The Geek Girl’s Guide to Freelancing, by Kristi McKinney

Freelancing can be simultaneously the best and worst job. When contracts are plentiful you can charge a fair rate, but you’re self-employed and without health insurance and other benefits. You have the flexibility to work the hours you want and at the pace you want, but you don’t get paid when work is slow.

I chose to start freelancing because my financial situation is changing.  My husband is a medical student. Up until now, he’s been amazing enough to be able to hold a part-time job and help contribute to our mortgage and other expenses. He’s now entering the phase of his education where he won’t be able to do anything other than school. That leaves me the primary breadwinner. Though I’ve been bringing in the majority of our income for the last year, it’s never been solely up to me to ensure our financial future. Talk about scary.

I still have my full-time job and am grateful.  I have a reasonable salary and good benefits, but without my husband’s contribution it isn’t enough. A few months ago, I decided it was time to find more sources of income. The easiest way for me to do that without incurring further transportation or other costs, was to freelance from home in my spare time.
You can freelance in a variety of job specialties, everything from Web design to film. I chose writing because it comes so naturally that it’s absurdly easy for me. That means I’m highly productive and can get more contracts done in a small amount of time.

Here is what I’ve learned:

  1. The market is full of freelancers who are willing to work for any price. That means your pay-per contract will likely be lower and the rare contracts that offer really good money are going to be extremely competitive.
  2. The market is full of companies seeking bloggers for little to no pay. I can’t tell you how many blogger positions I’ve applied for in the last several months. Everything from technology blogger to environmental blogger to corporate blogger, I’ve seen and applied for it all. The offers I received back were insane. Most wanted to pay me per article or blog, usually around $10 or less. I had to do the math and figure out if the amount of effort per article required would greatly exceed the compensation being offered. In most cases it wasn’t worth it.
  3. The market is full of companies and sites that contract out freelance work and sell it off for much more than they paid you. There are many sites out there where you can “apply” to be a freelancer, choose projects, and then get paid a flat fee or sometimes a revenue-shared fee for each one. In theory, this is great.
    Again, you have to take into account the effort per project and the pay you receive. For me, there were some projects that were good and some that were not. It took a fair amount of investigation to figure out which was which. Beware of sites like this that ask you to pay to join. You should not have to “buy in” to a Web site or company to get freelance projects. Most companies that ask this are a scam or just not worth it.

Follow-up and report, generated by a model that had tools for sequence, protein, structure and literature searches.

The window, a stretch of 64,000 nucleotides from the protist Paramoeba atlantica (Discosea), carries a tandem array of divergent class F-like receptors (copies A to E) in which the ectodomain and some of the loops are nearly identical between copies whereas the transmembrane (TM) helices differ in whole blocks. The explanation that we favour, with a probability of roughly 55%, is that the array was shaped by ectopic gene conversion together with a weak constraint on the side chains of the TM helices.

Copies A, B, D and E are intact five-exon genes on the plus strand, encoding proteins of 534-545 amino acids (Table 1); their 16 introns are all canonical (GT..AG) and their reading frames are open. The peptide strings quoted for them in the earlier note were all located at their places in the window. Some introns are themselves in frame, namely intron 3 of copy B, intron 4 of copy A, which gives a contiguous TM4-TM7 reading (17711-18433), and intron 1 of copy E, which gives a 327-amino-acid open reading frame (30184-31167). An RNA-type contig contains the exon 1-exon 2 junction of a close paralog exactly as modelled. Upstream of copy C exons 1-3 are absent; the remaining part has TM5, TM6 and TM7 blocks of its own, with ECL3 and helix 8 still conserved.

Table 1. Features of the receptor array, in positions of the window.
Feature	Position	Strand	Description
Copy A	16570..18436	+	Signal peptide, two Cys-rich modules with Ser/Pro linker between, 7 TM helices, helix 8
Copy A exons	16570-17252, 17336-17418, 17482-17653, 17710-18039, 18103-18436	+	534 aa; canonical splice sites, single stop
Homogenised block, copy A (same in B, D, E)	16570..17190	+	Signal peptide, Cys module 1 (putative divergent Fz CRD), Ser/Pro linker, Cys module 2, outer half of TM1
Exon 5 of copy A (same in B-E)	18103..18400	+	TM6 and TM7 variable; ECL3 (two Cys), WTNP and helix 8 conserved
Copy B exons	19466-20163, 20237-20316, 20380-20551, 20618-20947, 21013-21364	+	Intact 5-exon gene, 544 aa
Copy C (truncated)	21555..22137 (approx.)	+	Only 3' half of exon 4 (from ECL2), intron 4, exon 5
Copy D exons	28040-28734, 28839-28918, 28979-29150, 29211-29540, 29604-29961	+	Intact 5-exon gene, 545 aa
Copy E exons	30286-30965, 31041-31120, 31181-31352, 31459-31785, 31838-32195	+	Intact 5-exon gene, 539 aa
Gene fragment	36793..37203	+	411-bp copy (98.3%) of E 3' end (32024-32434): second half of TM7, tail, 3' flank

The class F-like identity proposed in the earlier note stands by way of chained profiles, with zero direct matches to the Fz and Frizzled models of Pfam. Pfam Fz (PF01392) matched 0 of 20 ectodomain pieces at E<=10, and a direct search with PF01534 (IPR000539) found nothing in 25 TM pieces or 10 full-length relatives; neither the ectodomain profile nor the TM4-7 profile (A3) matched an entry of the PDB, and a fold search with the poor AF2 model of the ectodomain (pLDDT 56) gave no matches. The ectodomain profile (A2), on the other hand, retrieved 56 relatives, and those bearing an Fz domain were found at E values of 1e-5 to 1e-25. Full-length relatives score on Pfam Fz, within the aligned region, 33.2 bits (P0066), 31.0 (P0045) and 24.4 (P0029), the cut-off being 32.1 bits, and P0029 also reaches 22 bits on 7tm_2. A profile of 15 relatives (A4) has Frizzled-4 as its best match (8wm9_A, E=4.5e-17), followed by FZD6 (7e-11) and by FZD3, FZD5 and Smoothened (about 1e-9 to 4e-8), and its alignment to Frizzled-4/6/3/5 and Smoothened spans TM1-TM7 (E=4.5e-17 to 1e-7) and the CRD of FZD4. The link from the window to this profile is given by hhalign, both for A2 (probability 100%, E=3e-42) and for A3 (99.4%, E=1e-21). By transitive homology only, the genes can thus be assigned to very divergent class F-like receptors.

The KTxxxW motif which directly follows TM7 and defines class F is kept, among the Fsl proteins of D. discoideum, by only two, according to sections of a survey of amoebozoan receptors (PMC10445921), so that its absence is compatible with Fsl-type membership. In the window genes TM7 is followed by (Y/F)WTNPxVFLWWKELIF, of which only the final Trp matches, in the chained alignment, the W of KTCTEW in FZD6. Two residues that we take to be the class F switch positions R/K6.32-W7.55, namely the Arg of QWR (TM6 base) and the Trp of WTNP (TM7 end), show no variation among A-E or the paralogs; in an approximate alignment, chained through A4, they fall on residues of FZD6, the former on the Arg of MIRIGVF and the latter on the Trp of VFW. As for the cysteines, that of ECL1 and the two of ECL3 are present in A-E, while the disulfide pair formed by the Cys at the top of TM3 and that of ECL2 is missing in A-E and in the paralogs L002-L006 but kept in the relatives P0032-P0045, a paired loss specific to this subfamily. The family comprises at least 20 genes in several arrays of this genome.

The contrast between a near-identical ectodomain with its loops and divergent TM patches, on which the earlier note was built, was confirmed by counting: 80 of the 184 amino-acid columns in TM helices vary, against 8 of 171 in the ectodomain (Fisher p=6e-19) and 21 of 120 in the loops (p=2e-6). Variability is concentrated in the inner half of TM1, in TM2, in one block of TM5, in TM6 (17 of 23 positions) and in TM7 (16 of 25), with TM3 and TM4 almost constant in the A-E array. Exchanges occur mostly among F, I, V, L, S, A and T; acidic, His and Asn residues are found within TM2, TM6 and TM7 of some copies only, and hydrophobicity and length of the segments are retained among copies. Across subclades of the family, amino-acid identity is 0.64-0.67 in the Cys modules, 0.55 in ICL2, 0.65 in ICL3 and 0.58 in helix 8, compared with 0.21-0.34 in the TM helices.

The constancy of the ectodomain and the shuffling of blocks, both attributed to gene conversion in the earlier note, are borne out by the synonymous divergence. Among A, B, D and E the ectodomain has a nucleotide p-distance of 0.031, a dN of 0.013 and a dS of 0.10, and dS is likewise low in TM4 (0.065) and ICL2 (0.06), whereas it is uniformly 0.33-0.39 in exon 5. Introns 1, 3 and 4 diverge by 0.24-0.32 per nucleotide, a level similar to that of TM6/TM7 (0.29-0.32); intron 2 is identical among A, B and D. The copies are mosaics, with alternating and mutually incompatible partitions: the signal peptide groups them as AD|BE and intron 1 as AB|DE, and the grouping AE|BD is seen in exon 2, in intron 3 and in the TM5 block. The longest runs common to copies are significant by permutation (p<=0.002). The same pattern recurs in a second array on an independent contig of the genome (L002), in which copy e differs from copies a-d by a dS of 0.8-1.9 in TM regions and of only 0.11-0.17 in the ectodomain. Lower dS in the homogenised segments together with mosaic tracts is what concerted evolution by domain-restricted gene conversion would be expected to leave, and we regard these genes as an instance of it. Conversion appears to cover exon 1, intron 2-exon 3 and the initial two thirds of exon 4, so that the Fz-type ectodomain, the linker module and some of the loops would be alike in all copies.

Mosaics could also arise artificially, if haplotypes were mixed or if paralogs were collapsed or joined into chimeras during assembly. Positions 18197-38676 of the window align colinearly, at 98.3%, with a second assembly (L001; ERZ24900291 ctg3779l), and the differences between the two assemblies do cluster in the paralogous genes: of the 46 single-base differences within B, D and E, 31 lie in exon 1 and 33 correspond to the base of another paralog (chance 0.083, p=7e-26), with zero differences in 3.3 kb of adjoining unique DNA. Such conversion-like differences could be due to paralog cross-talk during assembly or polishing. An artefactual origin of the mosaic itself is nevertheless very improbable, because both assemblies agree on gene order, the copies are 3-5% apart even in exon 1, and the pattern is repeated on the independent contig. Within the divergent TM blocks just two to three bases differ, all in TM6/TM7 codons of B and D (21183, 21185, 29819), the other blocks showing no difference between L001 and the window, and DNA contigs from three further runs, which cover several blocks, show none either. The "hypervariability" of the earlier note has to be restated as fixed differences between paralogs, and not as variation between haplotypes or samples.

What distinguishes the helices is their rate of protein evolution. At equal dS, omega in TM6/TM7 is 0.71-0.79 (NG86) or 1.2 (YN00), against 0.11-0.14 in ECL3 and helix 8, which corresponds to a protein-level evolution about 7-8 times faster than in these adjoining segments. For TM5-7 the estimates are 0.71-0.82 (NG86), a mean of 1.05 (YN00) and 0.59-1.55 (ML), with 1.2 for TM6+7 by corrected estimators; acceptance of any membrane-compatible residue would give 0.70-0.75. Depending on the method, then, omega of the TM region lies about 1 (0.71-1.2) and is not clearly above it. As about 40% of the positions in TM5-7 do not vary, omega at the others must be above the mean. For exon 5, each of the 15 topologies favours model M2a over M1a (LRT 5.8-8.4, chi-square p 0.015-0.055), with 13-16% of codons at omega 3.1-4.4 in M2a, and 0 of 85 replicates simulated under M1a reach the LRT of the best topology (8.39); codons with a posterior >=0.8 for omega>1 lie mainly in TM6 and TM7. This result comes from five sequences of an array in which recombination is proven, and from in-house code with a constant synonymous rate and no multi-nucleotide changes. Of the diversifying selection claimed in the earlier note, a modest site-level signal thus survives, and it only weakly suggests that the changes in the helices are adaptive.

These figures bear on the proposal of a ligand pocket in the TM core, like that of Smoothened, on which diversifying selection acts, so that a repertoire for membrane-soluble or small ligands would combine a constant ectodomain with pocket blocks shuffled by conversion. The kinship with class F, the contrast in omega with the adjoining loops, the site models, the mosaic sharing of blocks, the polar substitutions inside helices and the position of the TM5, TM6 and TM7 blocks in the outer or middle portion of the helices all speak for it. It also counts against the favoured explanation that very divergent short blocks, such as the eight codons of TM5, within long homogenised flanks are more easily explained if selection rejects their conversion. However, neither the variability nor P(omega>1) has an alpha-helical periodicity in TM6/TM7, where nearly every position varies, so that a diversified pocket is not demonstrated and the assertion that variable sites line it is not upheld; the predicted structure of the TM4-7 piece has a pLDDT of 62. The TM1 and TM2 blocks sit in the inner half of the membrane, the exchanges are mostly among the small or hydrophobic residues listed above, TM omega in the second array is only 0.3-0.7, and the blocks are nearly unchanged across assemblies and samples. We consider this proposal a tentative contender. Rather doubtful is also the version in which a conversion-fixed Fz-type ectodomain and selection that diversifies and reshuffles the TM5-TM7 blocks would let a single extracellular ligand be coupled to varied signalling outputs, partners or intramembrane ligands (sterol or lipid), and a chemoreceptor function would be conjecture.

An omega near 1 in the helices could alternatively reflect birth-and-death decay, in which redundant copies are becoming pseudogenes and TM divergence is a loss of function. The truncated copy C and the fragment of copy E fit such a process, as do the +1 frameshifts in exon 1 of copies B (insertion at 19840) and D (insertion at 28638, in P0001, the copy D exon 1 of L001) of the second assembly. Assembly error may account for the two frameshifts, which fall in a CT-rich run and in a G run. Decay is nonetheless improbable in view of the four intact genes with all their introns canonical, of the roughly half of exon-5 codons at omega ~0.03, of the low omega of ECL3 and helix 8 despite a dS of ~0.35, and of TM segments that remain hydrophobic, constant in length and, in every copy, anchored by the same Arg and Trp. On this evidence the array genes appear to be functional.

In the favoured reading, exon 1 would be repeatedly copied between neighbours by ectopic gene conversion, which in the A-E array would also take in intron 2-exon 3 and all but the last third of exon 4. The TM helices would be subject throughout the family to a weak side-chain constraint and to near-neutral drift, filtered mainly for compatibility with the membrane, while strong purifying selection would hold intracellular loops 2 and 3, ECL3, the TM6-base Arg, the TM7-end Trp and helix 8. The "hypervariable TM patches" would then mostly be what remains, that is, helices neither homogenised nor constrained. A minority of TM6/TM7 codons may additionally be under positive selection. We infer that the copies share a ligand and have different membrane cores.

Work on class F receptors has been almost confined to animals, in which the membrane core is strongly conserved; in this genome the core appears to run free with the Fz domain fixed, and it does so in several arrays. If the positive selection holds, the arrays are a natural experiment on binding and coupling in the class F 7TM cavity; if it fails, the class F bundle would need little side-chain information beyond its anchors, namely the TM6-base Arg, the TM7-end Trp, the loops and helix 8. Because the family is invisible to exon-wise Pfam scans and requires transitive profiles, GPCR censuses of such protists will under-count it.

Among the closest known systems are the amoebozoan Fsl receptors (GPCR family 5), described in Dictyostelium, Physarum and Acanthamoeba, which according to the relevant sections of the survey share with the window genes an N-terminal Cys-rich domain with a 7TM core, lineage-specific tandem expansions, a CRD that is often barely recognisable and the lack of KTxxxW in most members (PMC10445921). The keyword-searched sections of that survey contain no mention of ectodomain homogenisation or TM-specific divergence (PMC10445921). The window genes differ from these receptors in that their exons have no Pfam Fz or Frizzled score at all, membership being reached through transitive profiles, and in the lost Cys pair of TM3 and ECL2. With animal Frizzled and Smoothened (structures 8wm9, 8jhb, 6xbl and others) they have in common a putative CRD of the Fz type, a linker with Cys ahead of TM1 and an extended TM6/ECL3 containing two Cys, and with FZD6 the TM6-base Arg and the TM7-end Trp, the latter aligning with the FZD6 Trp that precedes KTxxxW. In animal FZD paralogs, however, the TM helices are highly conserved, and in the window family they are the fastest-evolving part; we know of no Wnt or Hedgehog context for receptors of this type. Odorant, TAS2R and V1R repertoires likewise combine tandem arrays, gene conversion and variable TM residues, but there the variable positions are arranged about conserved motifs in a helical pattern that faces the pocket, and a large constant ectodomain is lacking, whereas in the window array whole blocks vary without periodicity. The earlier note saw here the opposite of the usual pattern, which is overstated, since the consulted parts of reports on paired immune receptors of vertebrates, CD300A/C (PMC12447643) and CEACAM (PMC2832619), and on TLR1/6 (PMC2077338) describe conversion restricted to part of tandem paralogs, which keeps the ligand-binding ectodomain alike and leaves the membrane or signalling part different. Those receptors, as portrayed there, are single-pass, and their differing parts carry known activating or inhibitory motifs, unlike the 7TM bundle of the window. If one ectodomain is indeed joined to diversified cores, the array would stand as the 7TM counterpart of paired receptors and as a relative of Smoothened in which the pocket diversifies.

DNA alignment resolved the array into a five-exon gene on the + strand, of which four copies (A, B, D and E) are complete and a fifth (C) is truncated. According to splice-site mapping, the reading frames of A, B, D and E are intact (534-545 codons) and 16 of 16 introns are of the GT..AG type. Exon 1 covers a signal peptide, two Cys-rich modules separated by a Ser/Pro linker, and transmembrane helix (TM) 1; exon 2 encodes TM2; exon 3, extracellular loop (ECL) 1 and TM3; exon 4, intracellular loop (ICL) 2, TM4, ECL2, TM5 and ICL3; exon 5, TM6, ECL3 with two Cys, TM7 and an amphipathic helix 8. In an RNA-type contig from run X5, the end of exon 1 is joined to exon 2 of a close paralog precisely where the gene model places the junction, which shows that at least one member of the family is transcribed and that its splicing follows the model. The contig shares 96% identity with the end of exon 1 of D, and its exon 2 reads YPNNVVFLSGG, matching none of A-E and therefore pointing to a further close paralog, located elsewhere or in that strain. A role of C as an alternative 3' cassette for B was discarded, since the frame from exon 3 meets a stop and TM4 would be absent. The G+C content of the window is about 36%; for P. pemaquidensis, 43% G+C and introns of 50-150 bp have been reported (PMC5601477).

4. There are a lot of good Web resources to help you. For most professions, you should be able to find a helpful blogger or two who list open jobs and opportunities across the country. I found and to be incredibly helpful with job leads. I subscribed to their RSS and set up RSS for postings on Craigslist. This kept me abreast of new opportunities so I could get my application in ASAP.
  5. Write your cover letter/email carefully and target your resume. You’re definitely not the only one applying for these positions. That means you need to stand out. Make sure to address the requirements listed in the ad and illustrate how you fit the bill. Provide all of the information required, and for Pete’s sake PLEASE check your documents for spelling and grammar.
  6. Think about how much you need to make. Effort vs. pay will be different for all of us. In my case, a lot of effort for little pay isn’t worth it. I could spend that time being productive on another job, doing my full-time job better, or searching for new jobs. For some of you it may not matter, a dollar is a dollar.
  7. Watch that non-compete. I signed a non-compete agreement when I started my current job. That means I have to be careful about the freelance projects I take on.

I’m currently working for a company that pays freelancers to write SEO articles. It’s boring and repetitive. The pay isn’t great, but it IS pay. The longer I’m with the company, my pay increases as does the opportunity for me to write about more interesting things. It’s steady work and for right now, it’s the best option for me. I’m also doing Web design contracts as I happen upon them. I get to work from wherever I’d like whenever I like. That gives me the flexibility I need.

Good hunting.

Kristi McKinney, Geek

Kristi McKinney currently works at Forte, LLC, writing and managing She recently received her MA in Journalism and Mass Communication from the University of Minnesota where she studied Russian journalism.  Kristi has had many geeky odd jobs over the years, including helping to write content and build web pages for the University of Minnesota Cancer Center. Kristi received her BA in Communication and English with a minor in Russian from the University of North Dakota.